"But we're not going to put a bet on black that there'll be no inflation and interest rates won't have to be tightened. Because if we do get inflation, particularly in the United States, and the Fed has effectively been running too loose a monetary policy, and they had to tighten ... If that actually happened, hold onto your seats with what's being priced in the markets at the moment," he said.
"We're not saying that will happen, but no one can tell you definitively that it won't happen either. And even the Fed wouldn't tell you definitively it won't happen.
"So, I would say we've probably moderated our view on the cycle, but we're still cautious and we're going to keep a cautious stance of how we construct the portfolio to make sure that if the Fed's caught in the wrong direction here, we don't get caught in the wrong direction."
Just add a bit of Buffett
Douglass also chatted about the most recent update to Magellan's portfolio holdings and how a small position in a company named Berkshire Hathaway had crept its way into the portfolio. He also elaborated on the logic behind the purchase, noting that even though Magellan had never owned Berkshire Hathaway before now, both Warren Buffett and Charlie Munger have been huge influences on his way of thinking.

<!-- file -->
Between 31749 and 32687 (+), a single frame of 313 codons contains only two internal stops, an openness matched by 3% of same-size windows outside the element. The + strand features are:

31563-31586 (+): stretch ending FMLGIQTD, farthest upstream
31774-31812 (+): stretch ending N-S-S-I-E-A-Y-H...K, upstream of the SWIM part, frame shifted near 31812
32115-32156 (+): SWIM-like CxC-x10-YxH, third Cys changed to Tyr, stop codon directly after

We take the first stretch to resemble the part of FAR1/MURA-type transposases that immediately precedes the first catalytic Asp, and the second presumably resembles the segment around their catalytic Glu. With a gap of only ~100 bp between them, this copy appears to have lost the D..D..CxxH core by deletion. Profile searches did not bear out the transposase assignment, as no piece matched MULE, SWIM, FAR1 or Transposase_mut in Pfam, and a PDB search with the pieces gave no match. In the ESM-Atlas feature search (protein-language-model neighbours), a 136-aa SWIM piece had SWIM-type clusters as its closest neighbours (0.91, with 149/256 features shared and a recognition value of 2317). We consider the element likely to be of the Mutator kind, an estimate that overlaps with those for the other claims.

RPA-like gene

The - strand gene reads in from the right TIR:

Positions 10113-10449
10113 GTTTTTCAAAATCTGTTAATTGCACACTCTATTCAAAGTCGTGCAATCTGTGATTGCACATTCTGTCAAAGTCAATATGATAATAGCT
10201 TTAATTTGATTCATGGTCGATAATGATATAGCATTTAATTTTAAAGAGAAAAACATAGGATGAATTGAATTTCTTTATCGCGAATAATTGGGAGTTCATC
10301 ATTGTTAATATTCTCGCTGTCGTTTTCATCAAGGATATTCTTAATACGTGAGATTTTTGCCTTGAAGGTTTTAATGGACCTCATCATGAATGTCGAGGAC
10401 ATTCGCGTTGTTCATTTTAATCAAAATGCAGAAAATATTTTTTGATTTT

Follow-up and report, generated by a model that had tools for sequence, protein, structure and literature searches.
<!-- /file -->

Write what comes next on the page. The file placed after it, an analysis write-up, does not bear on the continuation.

"They really brought the thinking of Benjamin Graham (author of The Intelligent Investor) and Phil Fisher (author of Common Stocks, Uncommon Profits) together … So, they've been very influential on our thinking of the types of stocks we would buy and how we would go about it," Douglass said.
"And Berkshire Hathaway actually fits into our defensive equities portfolio. It gets incredible performance when markets go down, mainly because there's $100 billion of cash – the business is so resilient – and it tends to go down very limited amounts when markets fall."
Douglass is also effusive in his praise of the group's core insurance business, going so far as to say there "is nothing like it" anywhere else outside of Berkshire Hathaway and that it possesses "massive" competitive advantages.
"They're underwriting workers' compensation, but also a lot of catastrophe insurance. As far as I've ever witnessed, hurricanes don't tend to follow stock market cycles. They don't tend to be correlated with each other," he said.